An ingenious invention by two Stockholm students became Electrolux’s first kitchen appliance and a global best-seller. And Electrolux’s innovative, paradoxical advertising slogan, which referred to how a gas flame could result in refrigeration, took the world by storm.
An exam project that became a global bestseller
During the early 1920s, fridges had started to become popular in the US but had not yet caught on in Europe. In 1922, Baltzar von Platen and Carl Munters were civil engineering students at the Royal Institute of Technology in Stockholm. While working on an exam project, they invented and developed a cooling cabinet for food: the gas absorption refrigerator. Others before them had experimented with this invention however they succeeded in creating a fridge that actually worked.
Many scientists were working on refrigeration but what made this fridge different was that it used a heat source to drive the cooling process. On 13 July 1923, the young entrepreneurs founded one company to exploit their invention, PMR, and another, Arctic AB, to manage the factories. Production began in 1923 and by 1926, there were 3000 absorption fridges in Stockholm alone.
Wenner-Gren sees an opportunity
At this point, Electrolux were already successful in the vacuum cleaner market. However, when the CEO, Axel Wenner-Gren, became aware of the new invention in 1925, he bought both companies. Although he didn’t really understand the technical problems, he did realize the sales potential. Electrolux already had a very effective sales organization. This could now also be used for selling fridges. There was great interest from competitors like Siemens, and it took him seven years to sort out the patent situation.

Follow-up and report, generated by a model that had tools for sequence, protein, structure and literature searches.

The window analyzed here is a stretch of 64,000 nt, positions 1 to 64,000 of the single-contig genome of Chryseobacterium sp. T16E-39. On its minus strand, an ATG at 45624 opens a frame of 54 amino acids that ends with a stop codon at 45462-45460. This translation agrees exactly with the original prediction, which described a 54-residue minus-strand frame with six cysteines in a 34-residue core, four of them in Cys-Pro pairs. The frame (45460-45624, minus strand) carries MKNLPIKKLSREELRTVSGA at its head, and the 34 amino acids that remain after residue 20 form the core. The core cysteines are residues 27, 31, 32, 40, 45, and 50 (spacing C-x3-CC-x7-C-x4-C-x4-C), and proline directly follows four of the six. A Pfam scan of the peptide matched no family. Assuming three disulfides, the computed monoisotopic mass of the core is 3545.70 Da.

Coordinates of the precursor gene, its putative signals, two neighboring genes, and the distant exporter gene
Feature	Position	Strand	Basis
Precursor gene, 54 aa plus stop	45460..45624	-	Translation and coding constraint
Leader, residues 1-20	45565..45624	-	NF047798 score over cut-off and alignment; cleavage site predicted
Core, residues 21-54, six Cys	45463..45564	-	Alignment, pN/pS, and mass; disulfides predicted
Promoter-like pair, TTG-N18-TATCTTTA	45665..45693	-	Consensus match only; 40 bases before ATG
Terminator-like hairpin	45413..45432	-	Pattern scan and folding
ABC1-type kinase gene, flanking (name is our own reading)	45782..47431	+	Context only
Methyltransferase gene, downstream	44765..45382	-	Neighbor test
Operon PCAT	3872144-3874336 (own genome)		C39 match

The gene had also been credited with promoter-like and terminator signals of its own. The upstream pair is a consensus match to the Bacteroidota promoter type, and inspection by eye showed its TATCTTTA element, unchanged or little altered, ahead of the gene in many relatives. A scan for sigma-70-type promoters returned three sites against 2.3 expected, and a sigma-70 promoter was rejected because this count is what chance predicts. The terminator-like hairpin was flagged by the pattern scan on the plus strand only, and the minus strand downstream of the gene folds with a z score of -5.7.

The Electrolux refrigerator Model D began production in 1925
The Model D was the first Electrolux fridge and was manufactured between 1925 and 1931. The running costs were cheap but at 680 SEK it was expensive: 19,000 SEK in modern money. The new device was smaller, quieter and more reliable than its predecessors and required little maintenance. There were a few teething problems. Initially water was used for cooling which led to problems with corrosion.
In 1931, Model L1 was launched. Cooled by air rather than water, it did not need to be connected to a water pipe, making it more flexible and reliable. It became an even greater success.
By the end of the 1920s, the company was manufacturing fridges in Luton and Berlin as well as in Sweden and even greater success was to come in the 1930s.
Electrolux goes west
Advertisement for Servel air-cooled refrigerator
With its interest in modern products, large population and warm climate in many states, the US offered great possibilities. Compressor fridges were already popular there but suffered from many dangerous technical problems. The Servel Corporation in Indiana was looking for a new product to maintain their market share and went into partnership with Electrolux. In 1926, the new Electrolux Servel Corporation took out a patent for the new fridge on the US market.